The play style of the game feels stuck in the late 1990s since it has a high comparison with Diablo 1 and 2. The restriction of characters outside of purchasing them might keep those who don’t want to spend money but have a completion attitude towards games might enjoy the hunt for characters and costumes; however, I find it mostly a nuisance unless the character you want to play is one of the first characters. The boss battles seem a bit drawn out, but somewhat cool in that it’s a major villain that you’re fighting instead of some nameless thug. The free for all zones have their own major headaches with quick spawning large mobs while the instanced story maps are fine up until the final bosses where trouble can brew once more if attempting to solo them. However, the leveling up venders was a pleasant surprise for me and gave you something to do with the very typical white or green trash equipment that’s constantly tossed in your direction instead of it simply being more cash flow. To me, this is a mediocre game for the general gamer, but for the Marvel diehard fans this game will be decent enough to be both enjoyable and playable for them.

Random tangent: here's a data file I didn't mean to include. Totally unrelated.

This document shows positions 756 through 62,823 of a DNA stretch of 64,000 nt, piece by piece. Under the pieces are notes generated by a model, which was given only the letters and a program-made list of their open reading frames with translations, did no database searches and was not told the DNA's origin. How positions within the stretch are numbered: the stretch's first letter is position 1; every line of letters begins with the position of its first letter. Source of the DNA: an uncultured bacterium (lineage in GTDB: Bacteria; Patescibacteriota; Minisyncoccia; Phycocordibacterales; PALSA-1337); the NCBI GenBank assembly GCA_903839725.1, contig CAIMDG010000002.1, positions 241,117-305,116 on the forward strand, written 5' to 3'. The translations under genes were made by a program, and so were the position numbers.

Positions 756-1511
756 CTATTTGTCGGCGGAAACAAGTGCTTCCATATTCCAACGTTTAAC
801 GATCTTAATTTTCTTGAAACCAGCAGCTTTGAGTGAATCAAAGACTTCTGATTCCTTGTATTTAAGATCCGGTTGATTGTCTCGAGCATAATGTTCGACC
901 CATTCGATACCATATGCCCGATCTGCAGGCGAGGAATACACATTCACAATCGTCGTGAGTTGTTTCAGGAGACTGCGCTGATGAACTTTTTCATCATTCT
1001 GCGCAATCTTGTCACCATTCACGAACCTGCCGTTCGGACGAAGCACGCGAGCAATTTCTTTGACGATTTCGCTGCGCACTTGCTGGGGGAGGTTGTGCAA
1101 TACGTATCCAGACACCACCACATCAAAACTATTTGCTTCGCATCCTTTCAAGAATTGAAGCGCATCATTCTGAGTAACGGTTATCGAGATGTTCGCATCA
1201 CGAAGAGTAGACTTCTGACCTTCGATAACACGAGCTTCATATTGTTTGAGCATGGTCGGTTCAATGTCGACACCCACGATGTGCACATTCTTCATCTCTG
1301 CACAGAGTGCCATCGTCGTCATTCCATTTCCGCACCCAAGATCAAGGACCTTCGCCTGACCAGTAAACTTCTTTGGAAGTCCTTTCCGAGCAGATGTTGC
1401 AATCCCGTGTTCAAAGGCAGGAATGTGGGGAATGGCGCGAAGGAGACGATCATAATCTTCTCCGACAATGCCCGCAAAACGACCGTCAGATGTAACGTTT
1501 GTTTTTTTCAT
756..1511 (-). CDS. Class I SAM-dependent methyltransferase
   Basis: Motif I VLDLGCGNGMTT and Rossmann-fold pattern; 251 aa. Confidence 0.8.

Marvel Heroes Beta Preview
Beta Preview by: Anthny D’Urbano aka SqueezyTime
To say that I was ecstatic about having the opportunity to check out Marvel Heroes would be a massive understatement. Being a huge Diablo & Diablo II fan, as well as a huge superhero fan, finding out about Diablo’s signature gameplay joining the Marvel universe in a big parfait of awesomeness was probably the most exciting news I have gotten all year. Though I am always skeptical of new action-RPGs, as they rarely can live up to the legacy of Diablo, upon entering Marvel Heroes I was delightfully welcomed by a familiar feeling that brought me right back to my Diablo days.